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Facebook Child Porn Video Not New, Officials Say

While surrounding towns cite Farmington as the source of the social media outbreak, police have no confirmed cases.

It started with an email from Superintendent Kathleen Greider, proactively alerting parents that a potential threat lurked on their children’s Facebook pages. Greider, who had been notified by the Farmington police, warned parents that a video posing as a message from a friend had been discovered by a Farmington student and that the video was heinous, showing child pornography.

That was two Saturdays ago.

By last Monday, many of the surrounding towns’ superintendents had followed suit by sending out their own warning letters to parents: Avon, Canton, Simsbury, New Britain and more – all pointing to the Farmington cases.

“The Farmington Police Department has learned that a Facebook virus in the form of a disturbing pornographic video involving a young child has been received by some FHS students on their personal Facebook accounts. Although your child may not attend FHS, other students or siblings in the area may have Facebook accounts that could be affected and we wanted to alert you of this situation immediately,” Avon Superintendent Gary Mala wrote in a letter to parents and the community on March 25.

And the video was seen around the world, popping up on Facebook last week and spurring news reports and outrage globally.

But the video is not new. According to the Federal Bureau of Investigations, the video first became known to law enforcement officials in May 2005. The video shows an older man sexually abusing a young girl. The man has been listed as most wanted and called John Doe #8 by the FBI, which has been asking the public for help identifying the man by pictures and a mark on his right forearm. See the FBI photos here.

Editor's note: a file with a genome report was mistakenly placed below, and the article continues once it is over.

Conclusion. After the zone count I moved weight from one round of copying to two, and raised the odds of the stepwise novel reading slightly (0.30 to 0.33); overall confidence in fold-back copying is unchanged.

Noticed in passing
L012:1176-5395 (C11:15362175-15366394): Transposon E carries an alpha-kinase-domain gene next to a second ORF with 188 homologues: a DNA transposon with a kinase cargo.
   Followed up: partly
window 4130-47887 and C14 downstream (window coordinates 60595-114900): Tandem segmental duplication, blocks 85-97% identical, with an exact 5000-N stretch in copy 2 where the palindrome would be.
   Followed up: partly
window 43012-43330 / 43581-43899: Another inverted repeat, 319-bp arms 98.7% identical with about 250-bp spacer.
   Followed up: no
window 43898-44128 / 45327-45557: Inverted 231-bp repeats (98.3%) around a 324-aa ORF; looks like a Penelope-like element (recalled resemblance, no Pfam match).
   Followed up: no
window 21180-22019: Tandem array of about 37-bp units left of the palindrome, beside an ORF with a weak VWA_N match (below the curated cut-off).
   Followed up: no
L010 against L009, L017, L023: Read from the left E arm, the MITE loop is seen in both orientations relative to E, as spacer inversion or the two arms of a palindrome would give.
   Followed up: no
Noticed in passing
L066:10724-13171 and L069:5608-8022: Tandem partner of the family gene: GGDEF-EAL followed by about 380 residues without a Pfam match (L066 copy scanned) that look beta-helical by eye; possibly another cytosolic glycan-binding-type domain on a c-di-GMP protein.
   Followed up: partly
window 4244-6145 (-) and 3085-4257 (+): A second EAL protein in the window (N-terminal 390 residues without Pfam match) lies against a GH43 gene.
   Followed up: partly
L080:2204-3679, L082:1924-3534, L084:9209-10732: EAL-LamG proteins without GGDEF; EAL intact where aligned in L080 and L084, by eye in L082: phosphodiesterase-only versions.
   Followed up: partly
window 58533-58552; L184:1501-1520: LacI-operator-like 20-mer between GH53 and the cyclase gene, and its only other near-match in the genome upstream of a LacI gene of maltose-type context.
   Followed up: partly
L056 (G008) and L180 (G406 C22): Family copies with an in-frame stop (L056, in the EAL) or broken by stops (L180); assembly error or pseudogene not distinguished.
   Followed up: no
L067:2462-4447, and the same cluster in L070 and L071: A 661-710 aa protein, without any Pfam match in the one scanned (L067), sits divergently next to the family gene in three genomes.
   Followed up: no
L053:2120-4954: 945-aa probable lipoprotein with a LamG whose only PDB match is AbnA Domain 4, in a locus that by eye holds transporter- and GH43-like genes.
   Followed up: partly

But while the video poses a threat to students across the Farmington Valley because, if clicked on, it shares itself with everyone in a user’s friends network, there is no evidence the video has infiltrated any students’ pages.

According to Farmington Police Lt. Marshall Porter, the department got involved because a family reported an FHS student had seen something concerning on Facebook, though not necessarily something that had been shared with him.

The video the student reported was tied to a Hartford student, prompting Farmington police to reach out to the Hartford Police Department. Hartford was already investigating the issue and had been in touch with the FBI, Porter said.

“We haven’t gotten any other complaints,” Porter said. But the potential still exists. “This has the ability to rapidly move through the Facebook community.”

Authorities have estimated the video was seen by 20,000 people last week.

“This is a global issue. We’re getting inquiries from this all over the world,” Michelle Collins with the National Center for Missing and Exploited Children told multiple news outlets.

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